National Geographic : 2009 Feb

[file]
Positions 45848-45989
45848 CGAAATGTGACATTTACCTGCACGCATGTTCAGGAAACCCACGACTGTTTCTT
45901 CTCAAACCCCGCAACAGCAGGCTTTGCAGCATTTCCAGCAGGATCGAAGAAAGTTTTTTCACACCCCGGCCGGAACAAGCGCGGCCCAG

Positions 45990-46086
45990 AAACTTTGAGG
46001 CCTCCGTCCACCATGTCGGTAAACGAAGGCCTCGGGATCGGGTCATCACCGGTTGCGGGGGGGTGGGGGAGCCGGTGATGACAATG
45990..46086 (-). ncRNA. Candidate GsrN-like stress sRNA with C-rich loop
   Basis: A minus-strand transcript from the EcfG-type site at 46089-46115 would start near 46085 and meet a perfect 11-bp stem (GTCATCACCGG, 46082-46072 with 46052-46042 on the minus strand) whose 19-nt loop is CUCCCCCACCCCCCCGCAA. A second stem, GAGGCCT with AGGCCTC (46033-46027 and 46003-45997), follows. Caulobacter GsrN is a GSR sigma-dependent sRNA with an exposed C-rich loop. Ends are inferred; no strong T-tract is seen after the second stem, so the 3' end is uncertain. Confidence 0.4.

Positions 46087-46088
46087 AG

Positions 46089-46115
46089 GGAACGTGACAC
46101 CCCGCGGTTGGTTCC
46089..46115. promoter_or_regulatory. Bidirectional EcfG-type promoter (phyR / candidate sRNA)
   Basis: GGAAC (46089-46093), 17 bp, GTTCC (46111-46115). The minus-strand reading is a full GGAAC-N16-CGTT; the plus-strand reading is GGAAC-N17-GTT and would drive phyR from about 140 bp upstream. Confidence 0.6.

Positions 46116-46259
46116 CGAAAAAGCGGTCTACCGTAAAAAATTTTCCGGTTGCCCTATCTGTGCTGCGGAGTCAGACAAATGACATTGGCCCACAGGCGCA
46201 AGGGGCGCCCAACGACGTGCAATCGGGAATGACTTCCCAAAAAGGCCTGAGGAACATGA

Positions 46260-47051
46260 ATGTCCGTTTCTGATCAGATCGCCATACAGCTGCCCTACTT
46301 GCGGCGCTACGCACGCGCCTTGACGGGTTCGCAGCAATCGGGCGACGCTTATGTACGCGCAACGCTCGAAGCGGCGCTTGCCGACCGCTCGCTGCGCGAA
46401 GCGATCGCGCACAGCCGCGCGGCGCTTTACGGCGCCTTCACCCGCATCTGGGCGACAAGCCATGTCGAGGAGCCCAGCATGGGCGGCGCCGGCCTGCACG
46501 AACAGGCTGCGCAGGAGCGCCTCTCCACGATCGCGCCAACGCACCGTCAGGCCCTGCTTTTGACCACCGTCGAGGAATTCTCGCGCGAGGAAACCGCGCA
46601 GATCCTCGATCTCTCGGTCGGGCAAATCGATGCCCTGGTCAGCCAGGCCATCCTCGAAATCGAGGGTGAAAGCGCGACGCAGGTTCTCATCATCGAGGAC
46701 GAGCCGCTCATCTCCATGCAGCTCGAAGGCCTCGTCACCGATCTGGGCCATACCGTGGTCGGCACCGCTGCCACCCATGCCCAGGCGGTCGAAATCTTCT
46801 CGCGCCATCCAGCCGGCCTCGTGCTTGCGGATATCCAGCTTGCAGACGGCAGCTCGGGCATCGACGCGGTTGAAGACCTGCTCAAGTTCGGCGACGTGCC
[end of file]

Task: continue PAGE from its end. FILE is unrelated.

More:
adapted individuals of each population survive to leave o spring and others don t. en he nur- tured, re ned, developed, and concealed that theory for 20 years, until a younger man named Alfred Russel Wallace (see " e Man Who Wasn t Darwin" in National Geographic, December 2008) struck upon the same idea, forcing Dar- win to rush to get his own ready for print. at was 1858. By then Darwin had begun writing a long, detailed, heavily footnoted trea- tise on natural selection, but it was only half nished. Panicked, feeling proprietary, yet also reawakened to the wondrous immediacy of the story he had to tell, he shoved the big book aside and quickly composed a more streamlined account. is shorter, slapdash version would be merely an "abstract" of the theory and its supporting data, he claimed. He called it "my abominable volume" because, a er decades of cogitation and delay, the writing process was so hurried and painful. He wanted to title it An Abstract of an Essay on the Origin of Species and Varieties rough Natural Selection, but his publisher persuaded him to accept something at least marginally more snappy. It appeared in November 1859, titled On the Origin of Species by Means of Natural Selection et cetera, and was a sellout success immediately. Five more editions went to print during Darwin s lifetime. Almost inarguably, it s the most signi - cant single scienti c book ever published. A er 150 years, people still venerate it, people still deplore it, and e Origin of Species continues to exert an extraordinary in uence---though, unfortunately, not many people actually read it. And the forgotten clues that led him to his theory are still largely forgotten. Anyway, they re omitted from the mythic account. Scholars still dispute the signi cance of those extinct and liv- ing Argentine creatures, especially the ground sloths and glyptodonts, the tree sloths and armadillos and rheas. Evidence is mixed, even among the various comments on the matter le behind by Darwin himself. e most telling of those comments, in my view, is one so conspic- uously placed that it tends to get overlooked. It comprises the rst two sentences of e Origin of Species, beginning the book on a nostalgic note. It says: "When on board H.M.S. Beagle, as natural- ist, I was much struck with certain facts in the distribution of the inhabitants of South Ameri- ca, and in the geological relations of the present to the past inhabitants of that continent. ese facts seemed to me to throw some light on the origin of species. ..." The finches of the Galápagos make their appearance about 400 pages later. j Fossils collected by Darwin of the giant ground sloth Megatherium had sharp teeth (above), vastly different from those of its living tree-dwelling cousins.